The Conservative Party, a small statewide party that played the role of kingmaker in disputed Republican elections in Suffolk, has been pushing to overturn a referendum on the ballot this year, according press day.
“The Conservative Party doesn’t want an environmental referendum on the ballot because they think it will work against Republicans re-electing in marginal districts,” an unnamed political insider told the Long Island newspaper.
The Suffolk County branch of the Conservative Party did not respond to emailed questions from HuffPost. A Suffolk County GOP spokesperson agreed to forward an interview request to party chairman Jesse Garcia on Thursday, but the call was not returned Friday afternoon.
This is a dubious calculation. In last year’s election, Republican Lee Zeldin handily won the New York gubernatorial race in his home county with more than 58 percent of the vote, even as a referendum in A statewide $4 billion environmental bond bill passed with nearly 64 percent approval. “This would seem to disprove the theory that environmental initiatives inspire party line voting,” wrote Newsday opinion columnist Michael Dobie.
Still, all but one of the 18 Legislature seats are up for grabs this year, including three held by new Republican lawmakers Dominick Thorne, Manuel Esteban and Stephanie Bontempi, all of whom ousted Democrats in 2021. And three Democratic seats are up for grabs. up for grabs as Democrats Al Krupski and Bridget Fleming drop out of the re-election race and Sarah Anker, whose narrow victory two years ago came on a recount, faces term limits.
Suffolk Republicans could still put the referendum on the ballot by invoking a special legal procedure in the upcoming legislative session on July 25. If they don’t, the county will have to start the process over in the next state legislative year. By then, Suffolk may already have lost some of the potential matching funds it might be entitled to as federal agencies begin doling out money from President Joe Biden’s historic infrastructure laws.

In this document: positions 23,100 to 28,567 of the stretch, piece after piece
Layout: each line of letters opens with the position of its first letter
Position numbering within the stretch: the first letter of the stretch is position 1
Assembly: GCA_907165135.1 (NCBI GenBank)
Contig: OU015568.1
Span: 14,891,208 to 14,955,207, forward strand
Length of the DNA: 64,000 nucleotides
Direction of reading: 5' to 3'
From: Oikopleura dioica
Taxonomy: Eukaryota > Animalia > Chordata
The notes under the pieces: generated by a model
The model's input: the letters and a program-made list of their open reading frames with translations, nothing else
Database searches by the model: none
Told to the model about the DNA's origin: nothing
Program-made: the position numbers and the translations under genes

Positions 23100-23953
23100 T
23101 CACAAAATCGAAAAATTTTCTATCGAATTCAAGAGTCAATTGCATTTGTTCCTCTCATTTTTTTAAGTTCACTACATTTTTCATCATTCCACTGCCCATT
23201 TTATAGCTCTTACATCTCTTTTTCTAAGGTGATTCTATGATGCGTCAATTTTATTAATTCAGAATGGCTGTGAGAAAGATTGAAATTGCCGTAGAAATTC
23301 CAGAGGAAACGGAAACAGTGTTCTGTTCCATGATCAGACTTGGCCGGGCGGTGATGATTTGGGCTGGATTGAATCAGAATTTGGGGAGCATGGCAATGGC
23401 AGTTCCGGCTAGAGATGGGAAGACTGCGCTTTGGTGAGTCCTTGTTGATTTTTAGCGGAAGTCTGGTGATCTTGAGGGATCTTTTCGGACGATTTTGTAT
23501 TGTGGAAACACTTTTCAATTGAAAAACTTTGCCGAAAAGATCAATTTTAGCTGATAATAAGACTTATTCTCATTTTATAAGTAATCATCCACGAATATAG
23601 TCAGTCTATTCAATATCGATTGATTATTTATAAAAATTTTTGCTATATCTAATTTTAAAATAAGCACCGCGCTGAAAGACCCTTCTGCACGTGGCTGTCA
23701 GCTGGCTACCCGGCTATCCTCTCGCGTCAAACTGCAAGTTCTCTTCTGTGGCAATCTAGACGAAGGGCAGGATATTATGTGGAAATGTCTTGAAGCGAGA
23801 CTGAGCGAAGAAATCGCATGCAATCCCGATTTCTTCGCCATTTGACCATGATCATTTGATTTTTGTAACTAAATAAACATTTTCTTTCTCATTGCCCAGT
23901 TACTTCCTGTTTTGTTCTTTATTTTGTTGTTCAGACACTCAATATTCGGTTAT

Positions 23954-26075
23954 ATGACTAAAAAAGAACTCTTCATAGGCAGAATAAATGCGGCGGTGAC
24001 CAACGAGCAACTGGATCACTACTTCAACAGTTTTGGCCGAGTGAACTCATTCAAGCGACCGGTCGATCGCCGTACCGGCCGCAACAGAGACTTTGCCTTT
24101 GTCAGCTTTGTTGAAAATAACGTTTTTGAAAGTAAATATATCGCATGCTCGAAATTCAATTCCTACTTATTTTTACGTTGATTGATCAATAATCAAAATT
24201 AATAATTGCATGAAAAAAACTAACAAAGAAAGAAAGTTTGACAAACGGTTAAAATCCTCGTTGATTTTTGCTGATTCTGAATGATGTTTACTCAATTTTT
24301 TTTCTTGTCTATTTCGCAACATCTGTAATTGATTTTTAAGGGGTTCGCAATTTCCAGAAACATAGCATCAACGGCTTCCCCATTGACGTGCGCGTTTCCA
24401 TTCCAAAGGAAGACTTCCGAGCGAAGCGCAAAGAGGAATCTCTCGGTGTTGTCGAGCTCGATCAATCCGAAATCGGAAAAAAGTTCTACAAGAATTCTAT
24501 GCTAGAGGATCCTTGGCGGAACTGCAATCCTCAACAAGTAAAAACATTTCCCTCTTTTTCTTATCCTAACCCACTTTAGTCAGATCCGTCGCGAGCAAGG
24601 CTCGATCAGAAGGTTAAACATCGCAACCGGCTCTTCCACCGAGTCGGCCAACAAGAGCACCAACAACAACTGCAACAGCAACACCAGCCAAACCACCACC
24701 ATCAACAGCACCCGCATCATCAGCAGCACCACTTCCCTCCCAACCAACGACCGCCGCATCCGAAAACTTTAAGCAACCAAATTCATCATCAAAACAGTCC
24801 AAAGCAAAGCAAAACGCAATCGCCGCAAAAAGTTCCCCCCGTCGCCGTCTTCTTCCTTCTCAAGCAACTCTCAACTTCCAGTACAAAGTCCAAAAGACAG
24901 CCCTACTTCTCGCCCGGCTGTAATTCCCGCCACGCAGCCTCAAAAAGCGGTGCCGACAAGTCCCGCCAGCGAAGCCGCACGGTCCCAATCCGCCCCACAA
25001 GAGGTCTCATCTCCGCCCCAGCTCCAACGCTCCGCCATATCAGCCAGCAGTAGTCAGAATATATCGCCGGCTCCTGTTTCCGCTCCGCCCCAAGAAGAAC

“These are all grants. They’re not going to sit around for us forever,’ said Dr. Eve Meltzer-Krief, a pediatrician and Democratic school board official in Huntington, who is running against Bontempi, the Republican incumbent, to represent the North Shore city for more. of 200,000 people in the county legislature.
“If they don’t go ahead with this referendum, we will have to start another legislative year. The state should approve another referendum,” she said. “These sums are in no way guaranteed.”
In a suburban area infamous segregation according to race and income, workers will pay the highest price for inaction, said Ryan Stanton, executive director of the AFL-CIO affiliate Long Island Federation of Labor. His union stands to benefit from construction jobs that the new sales tax would help fund if the referendum passes. But he added that these same workers are also the ones who have to deal with the consequences of unmet infrastructure needs.
“Rich people will be fine,” Stanton said.
“They are not the ones who restore, rehabilitate and repair sewage treatment plants when they are submerged by floods. They are not the ones fixing the road when we get 9 inches of rain in one evening, and all of a sudden there is complete destruction on national and local roads,” he added. “It’s the workers who go out and fix our communities.”